Coal-fired power station

A geothermal power plant works similarly to a coal-fired power station or a nuclear power plant; it generates electricity by channelling steam to rotate turbines. However, steam in a geothermal power plant is not manually generated through burning coal or nuclear fission but is rather produced by natural heat under the Earth.

As we know, the structure of the Earth is made up of four different layers: the crust, the mantle, the outer core, and the inner core. The estimated temperature of the inner core is about 5,200 degrees Celsius, and a geothermal power plant utilises this natural thermal energy from the core to get the steam. Most geothermal power plants are built along the boundaries of the tectonic plates where the crust is thinnest at the boundaries, and heat reaches the surface more easily – usually in the form of magma.

Typically, there are three types of geothermal power plants: dry steam, flash steam, and binary steam. Dry steam is the most straightforward method to obtain geothermal energy in which steam is directly extracted from the ground and sent to turbines that generate electricity.

But flash steam is the most commonly applied method. The boiling point of water is higher when it is under greater pressure; since the pressure under the ground is higher, the boiling point of water is therefore also higher. When the highly-pressurised hot water under the ground is extracted to the surface, its boiling point drops significantly, then the water evaporates and “flashes” instantly into steam to drive the turbines. Once the steam cools, it turns back into liquid water and is injected once again into the ground to ensure that there is enough water underground to carry heat.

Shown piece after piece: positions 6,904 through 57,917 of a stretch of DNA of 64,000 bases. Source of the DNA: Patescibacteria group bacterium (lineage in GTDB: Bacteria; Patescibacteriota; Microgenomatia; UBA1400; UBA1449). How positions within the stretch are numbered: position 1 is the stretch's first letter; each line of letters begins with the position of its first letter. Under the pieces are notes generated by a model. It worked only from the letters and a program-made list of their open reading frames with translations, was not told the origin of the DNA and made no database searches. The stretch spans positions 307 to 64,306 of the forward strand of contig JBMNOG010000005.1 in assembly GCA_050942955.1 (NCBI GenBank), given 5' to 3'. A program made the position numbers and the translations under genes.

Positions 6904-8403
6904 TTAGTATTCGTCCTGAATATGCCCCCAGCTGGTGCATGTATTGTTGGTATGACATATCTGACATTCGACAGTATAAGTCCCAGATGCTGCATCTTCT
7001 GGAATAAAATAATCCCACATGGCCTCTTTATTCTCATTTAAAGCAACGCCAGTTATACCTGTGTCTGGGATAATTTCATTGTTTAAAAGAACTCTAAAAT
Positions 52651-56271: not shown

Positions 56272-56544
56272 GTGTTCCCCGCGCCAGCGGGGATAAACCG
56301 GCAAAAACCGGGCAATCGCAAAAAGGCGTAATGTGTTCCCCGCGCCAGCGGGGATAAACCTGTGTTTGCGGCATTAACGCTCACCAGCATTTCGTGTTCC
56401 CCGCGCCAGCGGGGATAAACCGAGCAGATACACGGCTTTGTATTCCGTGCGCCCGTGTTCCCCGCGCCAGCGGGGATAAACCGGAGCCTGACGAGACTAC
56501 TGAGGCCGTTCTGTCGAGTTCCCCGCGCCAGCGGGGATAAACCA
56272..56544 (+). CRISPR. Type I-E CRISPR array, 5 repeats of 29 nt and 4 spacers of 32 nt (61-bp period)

Lastly, binary steam is the most complicated of the three methods. It uses hot water from the ground as a mediator to heat another liquid to be converted into steam instead. The secondary fluid needs to have a lower boiling station point than water as well as to be safe and environmentally-friendly. In this case, pressurised butane and pentane are typically used as the fluid.

The United States is the country that generates the most electricity with geothermal energy. Most of the geothermal power plants in the US are located in western states and Hawaii since they are closer to the boundaries of the tectonic plates. Despite being the world’s largest producer, geothermal energy only accounts for about 0.4% of the total generation of electricity in the US.

Carbon dioxide is not created during the production of geothermal energy, but it can emit a slight t amount of greenhouse gases and air pollution depending on the method applied to extract heat. In dry steam or flash steam power plants, small amounts of greenhouse gases and pollutants that are naturally present underground will be released into the atmosphere during extraction. On the other hand, in binary steam power plants, carbon emissions can be limited to zero since the steam does not directly come from underground. It is estimated that the average global CO2 emission of geothermal power plants is 122 g/kWh, about 10 times less than coal and petroleum.

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